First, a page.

The data stored in ROM (Read-only memory), non-volatile memory, is not lost even if the power goes off.
It is used for the long-term storage of data. Additionally, it also has random access capabilities.
Users or programmers cannot write information into a ROM.
It can only read words that have been permanently stored inside the unit.
In other words, manufacturers choose the ROMs’ contents.
At the time of ROM manufacturing, the manufacturer stores the instructions in the ROM.
After then, the ROM’s content cannot be changed, meaning it cannot subsequently be programmed, rewritten, or erased.
However, there are some ROM kinds where the data may be changed.
Special internal electronic fuses in the ROM can be programmed for a particular interconnection pattern (information).
The designer specifies the binary data that will be stored on the chip, which will subsequently be embedded into the unit during manufacturing to create the necessary interconnection pattern (information).
Once the pattern (information) is set up, the unit retains it even if the power is turned off.
Because it retains the data even after the power is turned off or the computer is turned off, it is non-volatile memory.
Programming the ROM is the act of adding information to a RAM in the form of bits as bits are stored in the hardware configuration of the device.
ROM is a Programmable Logic Device (PLD).
The cartridge used in video game consoles, which enables the machine to run several games, is a simple example of ROM.
Another example of ROM is the data that is permanently saved on personal computers and other electronic devices like cellphones, tablets, TVs, and air conditioners.
For instance, the screen does not immediately display when you turn on your computer.
It takes some time to load since the starting instructions needed to turn on the machine during booting are stored in ROM.
Starting the computer is the task of the booting process. It loads the operating system into the computer’s installed main memory (RAM).
The computer’s CPU uses the BIOS program, which is also present in the computer memory (ROM), to start the computer when it starts up.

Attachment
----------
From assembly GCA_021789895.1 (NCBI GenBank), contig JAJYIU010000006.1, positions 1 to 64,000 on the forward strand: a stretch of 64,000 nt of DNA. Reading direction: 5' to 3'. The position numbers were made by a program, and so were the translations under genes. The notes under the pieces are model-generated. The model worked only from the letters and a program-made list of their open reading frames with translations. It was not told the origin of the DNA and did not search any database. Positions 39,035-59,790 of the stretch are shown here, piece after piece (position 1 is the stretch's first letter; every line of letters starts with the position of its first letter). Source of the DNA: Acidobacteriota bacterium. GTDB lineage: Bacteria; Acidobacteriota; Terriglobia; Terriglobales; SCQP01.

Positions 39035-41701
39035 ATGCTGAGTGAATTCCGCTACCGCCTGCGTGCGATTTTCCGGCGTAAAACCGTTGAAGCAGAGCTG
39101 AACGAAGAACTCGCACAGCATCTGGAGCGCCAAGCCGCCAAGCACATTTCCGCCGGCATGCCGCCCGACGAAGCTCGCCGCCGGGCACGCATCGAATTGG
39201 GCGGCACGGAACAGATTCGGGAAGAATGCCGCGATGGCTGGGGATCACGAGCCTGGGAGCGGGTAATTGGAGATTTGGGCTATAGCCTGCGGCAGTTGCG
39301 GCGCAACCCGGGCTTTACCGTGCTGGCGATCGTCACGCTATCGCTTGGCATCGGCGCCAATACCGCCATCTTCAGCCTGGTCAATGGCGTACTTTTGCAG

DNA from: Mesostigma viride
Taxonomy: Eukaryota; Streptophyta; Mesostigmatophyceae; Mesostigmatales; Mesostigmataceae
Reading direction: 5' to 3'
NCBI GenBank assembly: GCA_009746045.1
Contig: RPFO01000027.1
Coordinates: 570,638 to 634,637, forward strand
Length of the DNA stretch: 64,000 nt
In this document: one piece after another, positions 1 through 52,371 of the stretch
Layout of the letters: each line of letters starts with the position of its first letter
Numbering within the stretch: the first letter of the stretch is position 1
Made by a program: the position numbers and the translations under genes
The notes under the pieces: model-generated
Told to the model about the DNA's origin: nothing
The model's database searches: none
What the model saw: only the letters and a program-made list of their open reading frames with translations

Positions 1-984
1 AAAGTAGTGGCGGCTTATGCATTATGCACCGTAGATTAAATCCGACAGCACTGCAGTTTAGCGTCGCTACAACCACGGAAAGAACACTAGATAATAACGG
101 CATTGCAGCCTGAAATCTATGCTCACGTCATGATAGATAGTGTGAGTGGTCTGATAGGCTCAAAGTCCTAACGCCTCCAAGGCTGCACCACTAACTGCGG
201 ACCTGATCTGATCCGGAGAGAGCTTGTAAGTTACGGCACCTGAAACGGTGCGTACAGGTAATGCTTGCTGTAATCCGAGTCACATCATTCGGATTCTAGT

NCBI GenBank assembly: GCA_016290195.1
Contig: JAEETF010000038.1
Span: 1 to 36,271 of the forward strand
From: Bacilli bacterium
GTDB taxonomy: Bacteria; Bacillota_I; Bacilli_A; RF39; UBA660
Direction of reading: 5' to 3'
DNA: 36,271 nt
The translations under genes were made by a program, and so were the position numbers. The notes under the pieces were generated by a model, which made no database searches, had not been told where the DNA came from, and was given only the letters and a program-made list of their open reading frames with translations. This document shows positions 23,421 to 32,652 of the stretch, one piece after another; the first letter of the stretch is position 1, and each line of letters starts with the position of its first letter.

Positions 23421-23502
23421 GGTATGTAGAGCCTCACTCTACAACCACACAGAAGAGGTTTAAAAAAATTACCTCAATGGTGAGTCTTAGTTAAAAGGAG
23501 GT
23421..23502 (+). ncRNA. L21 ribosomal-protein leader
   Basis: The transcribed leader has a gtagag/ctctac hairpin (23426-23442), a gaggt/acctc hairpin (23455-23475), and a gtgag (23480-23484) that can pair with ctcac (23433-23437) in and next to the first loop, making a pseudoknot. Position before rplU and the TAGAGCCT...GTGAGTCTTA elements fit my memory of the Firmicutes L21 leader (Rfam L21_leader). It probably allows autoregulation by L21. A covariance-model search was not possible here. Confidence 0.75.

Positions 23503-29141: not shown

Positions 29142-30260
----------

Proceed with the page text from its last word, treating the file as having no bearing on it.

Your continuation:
It links the computer to the operating system and enables you to access the machine.
Firmware, a software application permanently installed on hardware such as a keyboard, hard drive, video cards, etc., is also stored in ROM.
It is kept in a physical device’s flash ROM. It gives the device instructions on how to connect to and work with other devices.
Types of ROM
Here is a list of the various ROM types, from the most basic to the most versatile.
- Programmable Read Only Memory (PROM)
- Erasable Programmable Read Only Memory (EPROM)
- Electrically Erasable Programmable Read Only Memory (EEPROM)
Programmable Read Only Memory (PROM)
This type of ROM can only be programmed once and cannot be altered again.
When a PROM is manufactured, it is blank. After that, it is once only programmed by “blowing” its fuses. This process is irreversible.
A bit position cannot be restored after it has been blown. It receives the data using a PROM program.
Erasable Programmable Read Only Memory (EPROM)
EPROM is an Erasable Programmable Read Only Memory (PROM).
You can write and rewrite ROM chips that are erasable several times.
By exposing the EPROM to Ultra Violet (UV) light for around 20 minutes, the data stored within can be erased.
To reopen the EPROM’s circuitry, this light completely burns off all of the minor charges inside.
The whole data gets deleted when it is exposed to UV light.
Electrically Erasable Programmable Read Only Memory (EEPROM)
A chip on the board that can be erased and reprogrammed is called an EEPROM (Electrically Erasable Programmable Read Only Memory).
It is quickly erasable in a few milliseconds.
The EEPROM can only be reprogrammed to a specific limit, often 10,000 times.
Flash drives are a particular kind of EEPROM.